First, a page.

Congratulations! You’ve decided to start a new garden, and it will be one of the best and most rewarding adventures you’ll ever undertake. But now, you’re curious about how to organize your space for the most tremendous success. Fortunately, there are different types of vegetable gardening methods to grow a productive vegetable garden. And understanding which garden strategy works for you puts you on the fast track to successful food independence.
Choosing the right vegetable garden type depends on space, preference, ability, and cost. Of course, you ultimately decide your taste, but determining what garden method you choose now, allows you to understand what you’ll need and what to expect going forward.
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Before choosing your vegetable garden, it’s essential to be mindful of a few helpful elements that will put you on the fast track to success. That’s what we’ll cover in this article. You’re about to discover several tested and proven gardening methods to help provide your plants with what they need while making your life much easier. Remember, gardening is only as difficult as you make it. So let’s roll up our sleeves, plan accordingly, and do this right!
- Save time and resources by understanding the three most popular gardening methods so you can determine which is right for you and your family!
- Discover these 4 innovative factors to help streamline the best gardening method so you can grow better more abundant harvests throughout the year.
- Quickly determine the best gardening type so you can focus on getting your growing space set up for success easily.
What Is The Best Gardening Method
On average, the best gardening method provides reliable and consistent vegetable harvests each growing season. However, knowing the basics of each technique and how it best serves your family’s requirements helps shape the right garden type for you.
Let’s discuss several factors that help determine the best gardening method that will serve you best. 1
Let’s face it, only some people passionate about growing their food will have ten acres of fertile earth sitting idly in their backyard. Hooray if that’s you! However, for most, it isn’t. Fortunately, vegetable gardening is highly versatile. So don’t think you need tons of space to achieve your goal of vine-ripened Heaven.
While not having adequate space may eliminate some gardening methods from your list, it opens up many beautiful possibilities for small-space, high-production gardens that can deliver results.
Vertical gardening, hydroponics, and windowsill gardening are fantastic choices if your world has limited space. The key here is to start growing something in whatever space permits, whether a traditional in-ground garden or something else entirely. Remember, this may seem tedious, but the pre-planning you’re doing now, evaluating your goals and space, pays dividends for the longevity of your garden yields down the line.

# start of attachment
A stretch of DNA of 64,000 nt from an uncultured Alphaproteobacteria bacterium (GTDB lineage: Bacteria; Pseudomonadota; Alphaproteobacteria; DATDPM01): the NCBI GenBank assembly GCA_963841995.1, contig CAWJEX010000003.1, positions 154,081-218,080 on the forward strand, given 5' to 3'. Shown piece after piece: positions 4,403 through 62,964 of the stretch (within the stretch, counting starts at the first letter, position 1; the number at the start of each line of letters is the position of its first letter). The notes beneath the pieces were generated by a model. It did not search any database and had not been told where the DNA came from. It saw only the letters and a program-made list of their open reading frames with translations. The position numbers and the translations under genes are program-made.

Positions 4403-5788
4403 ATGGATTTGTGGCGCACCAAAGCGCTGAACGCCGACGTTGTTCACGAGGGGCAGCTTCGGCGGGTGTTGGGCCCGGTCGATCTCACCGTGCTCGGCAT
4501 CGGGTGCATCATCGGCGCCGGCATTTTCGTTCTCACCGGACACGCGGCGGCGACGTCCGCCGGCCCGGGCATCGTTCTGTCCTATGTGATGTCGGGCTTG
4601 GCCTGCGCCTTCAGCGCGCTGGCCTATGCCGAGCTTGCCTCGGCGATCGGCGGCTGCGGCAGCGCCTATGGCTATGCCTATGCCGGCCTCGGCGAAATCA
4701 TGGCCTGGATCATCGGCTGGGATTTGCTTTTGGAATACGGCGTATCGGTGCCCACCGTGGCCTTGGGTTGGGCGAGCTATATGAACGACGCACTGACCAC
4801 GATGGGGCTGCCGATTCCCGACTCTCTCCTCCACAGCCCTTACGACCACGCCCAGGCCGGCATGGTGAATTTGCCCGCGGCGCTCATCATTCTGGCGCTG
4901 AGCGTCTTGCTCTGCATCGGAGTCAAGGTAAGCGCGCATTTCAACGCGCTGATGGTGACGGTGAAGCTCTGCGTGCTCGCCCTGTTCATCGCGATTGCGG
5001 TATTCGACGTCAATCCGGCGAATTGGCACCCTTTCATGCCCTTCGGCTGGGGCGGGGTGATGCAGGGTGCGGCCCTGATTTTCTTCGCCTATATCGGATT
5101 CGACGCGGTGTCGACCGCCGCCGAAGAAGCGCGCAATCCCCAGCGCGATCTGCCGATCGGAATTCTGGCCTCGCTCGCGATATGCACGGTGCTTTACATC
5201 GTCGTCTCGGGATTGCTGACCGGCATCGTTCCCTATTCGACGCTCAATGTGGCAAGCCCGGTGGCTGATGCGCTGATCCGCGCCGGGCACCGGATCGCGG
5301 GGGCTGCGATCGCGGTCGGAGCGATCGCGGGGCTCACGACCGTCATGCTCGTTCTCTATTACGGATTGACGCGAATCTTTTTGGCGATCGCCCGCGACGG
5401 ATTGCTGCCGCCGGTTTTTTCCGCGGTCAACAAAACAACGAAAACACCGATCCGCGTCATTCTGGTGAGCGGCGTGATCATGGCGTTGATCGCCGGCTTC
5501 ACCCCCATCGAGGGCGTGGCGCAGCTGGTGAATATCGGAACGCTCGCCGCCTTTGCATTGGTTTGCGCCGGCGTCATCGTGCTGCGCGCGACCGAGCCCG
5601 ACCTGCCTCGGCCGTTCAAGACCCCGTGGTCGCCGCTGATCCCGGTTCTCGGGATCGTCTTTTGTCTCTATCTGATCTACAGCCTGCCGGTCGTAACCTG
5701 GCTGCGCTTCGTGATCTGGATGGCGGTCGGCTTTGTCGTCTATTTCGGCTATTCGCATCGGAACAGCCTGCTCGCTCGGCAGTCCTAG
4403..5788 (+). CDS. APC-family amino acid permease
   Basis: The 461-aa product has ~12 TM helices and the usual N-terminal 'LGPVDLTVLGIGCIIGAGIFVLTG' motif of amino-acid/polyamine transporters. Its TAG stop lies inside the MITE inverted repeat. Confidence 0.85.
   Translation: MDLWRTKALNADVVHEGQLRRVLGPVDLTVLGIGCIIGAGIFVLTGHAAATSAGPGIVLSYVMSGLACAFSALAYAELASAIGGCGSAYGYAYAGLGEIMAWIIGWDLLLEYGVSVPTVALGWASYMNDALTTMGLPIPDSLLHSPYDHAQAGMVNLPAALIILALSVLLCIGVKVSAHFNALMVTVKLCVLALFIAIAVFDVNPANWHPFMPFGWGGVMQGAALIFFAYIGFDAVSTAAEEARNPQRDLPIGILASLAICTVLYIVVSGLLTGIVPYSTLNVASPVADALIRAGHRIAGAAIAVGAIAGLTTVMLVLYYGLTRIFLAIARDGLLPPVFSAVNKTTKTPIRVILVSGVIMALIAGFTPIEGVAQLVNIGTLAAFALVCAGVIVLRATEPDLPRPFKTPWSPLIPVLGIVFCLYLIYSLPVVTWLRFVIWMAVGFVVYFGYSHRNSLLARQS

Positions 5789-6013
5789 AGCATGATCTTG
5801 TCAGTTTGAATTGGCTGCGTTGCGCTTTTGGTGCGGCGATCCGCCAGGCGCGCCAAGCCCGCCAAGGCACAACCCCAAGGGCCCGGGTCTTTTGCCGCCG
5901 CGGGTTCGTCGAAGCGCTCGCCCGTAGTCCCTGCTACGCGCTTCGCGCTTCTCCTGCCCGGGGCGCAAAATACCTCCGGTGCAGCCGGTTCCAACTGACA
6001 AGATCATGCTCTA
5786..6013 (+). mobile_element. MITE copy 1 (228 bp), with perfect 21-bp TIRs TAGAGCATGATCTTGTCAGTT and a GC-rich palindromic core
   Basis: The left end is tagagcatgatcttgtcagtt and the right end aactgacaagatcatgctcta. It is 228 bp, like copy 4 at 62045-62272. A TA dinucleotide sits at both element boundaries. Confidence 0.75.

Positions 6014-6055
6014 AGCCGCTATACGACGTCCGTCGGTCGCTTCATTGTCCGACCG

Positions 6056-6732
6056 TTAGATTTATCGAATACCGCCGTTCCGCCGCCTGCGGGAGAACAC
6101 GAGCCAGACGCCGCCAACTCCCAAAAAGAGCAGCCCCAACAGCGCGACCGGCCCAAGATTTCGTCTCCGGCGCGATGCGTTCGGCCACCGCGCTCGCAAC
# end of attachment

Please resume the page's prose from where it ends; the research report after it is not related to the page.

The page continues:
Determining the available space for your garden makes or breaks your success. That’s why I wrote an entire article helping you select the correct size garden for your needs which I highly recommend you read.
As your vegetable plants mature, they compete for light, soil nutrients, and water. Unfortunately, diseases and garden pests can also emerge and spread more quickly in overpopulated vegetable beds. Instead, opt for fewer, evenly spaced plants for optimum garden health.
Vegetable Garden Method
The good news is that you may already have your heart set on a particular gardening method over another for many reasons. For example, it’s practical to have a raised garden bed for well-draining soil in an otherwise moisture-saturated yard.
If growing year-round is your objective, it’s reasonable to try your hand at greenhouse gardening, hoop houses, and cold frames. On the other hand, if space is limited, vertical gardening on a balcony or small patio may be the best option. 2
Because each garden type has unique advantages and disadvantages, you’ll want to know your goals before taking a spade to the dirt. Ensure you set realistic expectations when deciding your garden type, and you’ll be well ahead of the pack when starting your garden.
Physical ability and agility help prioritize one garden method over another. However, gardening has come a long way in the past fifty years, making it much more accessible to practically anyone who wants to get their hands a little dirty and produce delicious food. People from all walks of life can enjoy gardening as long as your garden adapts to meet your physical demands and limitations.